Although this San Antonio, Texas, native describes herself as a person “who seeks out structure, never risk,” Alicia Lewis’ career is proof positive she thrives on the roller coaster nature of TV production.
In her nearly 20 years as a 2nd 2nd AD on a string of hit TV shows—Melrose Place, Judging Amy, Ally McBeal, Boston Public, Boston Legal and Parenthood among them—Lewis has made “base camp,” the mobile production unit where actors prep before going to the set, a safe haven in often roaring seas.
“Base camp is removed from that high-intensity of the set,” Lewis explains. “I’m accessible, so everyone comes to me with questions.”
Lewis says actors, makeup, wardrobe, and transportation all present different issues. “Everything from an unsigned contract to needing a stapler,” she laughs, “so patience and understanding are essential.”
Geography can also be a challenge. Running base camp on Prime Suspect meant being 20 minutes away from the show’s downtown L.A. locations. “We had to prep each new group of actors—wardrobe, sides, touch-ups, etc.—for a full day’s work,” she recalls. On Judging Amy (before texting and emails allowed for 24/7 communication), Lewis had to figure out when to move base camp to prepare for the next wave of actors.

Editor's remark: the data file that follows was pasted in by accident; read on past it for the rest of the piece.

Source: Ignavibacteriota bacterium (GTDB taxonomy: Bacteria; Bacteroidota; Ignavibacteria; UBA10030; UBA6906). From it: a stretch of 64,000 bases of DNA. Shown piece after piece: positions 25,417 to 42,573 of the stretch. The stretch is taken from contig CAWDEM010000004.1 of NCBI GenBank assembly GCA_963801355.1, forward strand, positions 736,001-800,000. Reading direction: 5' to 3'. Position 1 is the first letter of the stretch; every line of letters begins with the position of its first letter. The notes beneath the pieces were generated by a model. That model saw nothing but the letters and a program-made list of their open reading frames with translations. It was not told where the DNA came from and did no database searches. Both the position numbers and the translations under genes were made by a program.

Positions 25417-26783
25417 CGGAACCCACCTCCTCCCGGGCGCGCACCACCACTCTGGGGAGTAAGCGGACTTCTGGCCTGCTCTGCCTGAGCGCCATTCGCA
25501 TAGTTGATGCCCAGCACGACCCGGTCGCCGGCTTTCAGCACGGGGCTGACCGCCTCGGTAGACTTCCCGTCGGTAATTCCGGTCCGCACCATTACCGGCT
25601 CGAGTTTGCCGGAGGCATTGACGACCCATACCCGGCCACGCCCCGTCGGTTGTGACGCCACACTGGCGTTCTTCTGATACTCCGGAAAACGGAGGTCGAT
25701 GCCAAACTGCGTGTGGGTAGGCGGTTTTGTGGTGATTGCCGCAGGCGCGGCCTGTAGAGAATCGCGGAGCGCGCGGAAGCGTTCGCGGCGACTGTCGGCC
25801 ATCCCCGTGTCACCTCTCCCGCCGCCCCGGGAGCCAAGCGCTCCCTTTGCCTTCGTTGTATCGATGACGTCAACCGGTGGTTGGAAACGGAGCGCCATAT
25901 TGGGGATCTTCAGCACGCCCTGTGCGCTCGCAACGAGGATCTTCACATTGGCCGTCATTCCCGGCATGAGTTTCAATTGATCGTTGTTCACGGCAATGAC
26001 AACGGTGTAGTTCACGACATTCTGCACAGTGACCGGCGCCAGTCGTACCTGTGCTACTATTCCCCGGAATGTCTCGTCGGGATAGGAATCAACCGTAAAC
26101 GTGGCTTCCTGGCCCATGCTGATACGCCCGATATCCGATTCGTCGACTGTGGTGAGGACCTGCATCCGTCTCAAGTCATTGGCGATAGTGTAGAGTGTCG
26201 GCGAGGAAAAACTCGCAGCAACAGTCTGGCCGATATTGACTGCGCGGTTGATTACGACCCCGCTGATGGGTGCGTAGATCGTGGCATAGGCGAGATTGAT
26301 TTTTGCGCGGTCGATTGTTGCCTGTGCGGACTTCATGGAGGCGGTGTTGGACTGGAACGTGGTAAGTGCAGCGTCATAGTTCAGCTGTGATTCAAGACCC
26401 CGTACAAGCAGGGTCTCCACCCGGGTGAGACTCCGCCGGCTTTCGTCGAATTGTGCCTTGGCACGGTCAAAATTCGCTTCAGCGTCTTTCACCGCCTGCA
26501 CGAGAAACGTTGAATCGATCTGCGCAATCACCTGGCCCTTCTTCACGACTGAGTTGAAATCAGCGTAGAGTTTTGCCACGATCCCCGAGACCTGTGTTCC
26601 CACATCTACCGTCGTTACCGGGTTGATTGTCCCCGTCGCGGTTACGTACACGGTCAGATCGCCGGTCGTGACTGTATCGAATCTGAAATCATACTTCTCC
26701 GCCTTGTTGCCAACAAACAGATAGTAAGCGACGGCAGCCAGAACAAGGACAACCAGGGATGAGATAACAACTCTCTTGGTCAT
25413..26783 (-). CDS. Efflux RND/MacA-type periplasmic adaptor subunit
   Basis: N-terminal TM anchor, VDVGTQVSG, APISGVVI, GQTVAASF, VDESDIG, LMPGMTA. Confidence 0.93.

“I’ve had flights rerouted two hours before an actor was due on set,” she recounts, and had “missed calls because [an actress] went to Australia without telling anybody. I’ve had [actors and crew] get in car accidents before their calls and still want to come to work.”
Lewis cites a recent documentary—That Guy … Who Was in That Thing—as a validation of her role as counselor/scout leader. “[Actor] Matt Malloy, who I have worked with, talked about how [the AD running base camp] is the first person he sees in the morning, and how far kind words and attention will take him. That’s gratifying because I see my job as making actors both camera and performance ready.”
Lewis recently took over base camp for the second season of The Mindy Project, a show she says represents a new face in Hollywood production.
“There’s a lot of freshness and improvisation, yet the crew never gets beat up [by excessively long days or schedules],” says Lewis. “The balance Mindy Kaling strikes between creativity and respect for the crew is nothing short of amazing.”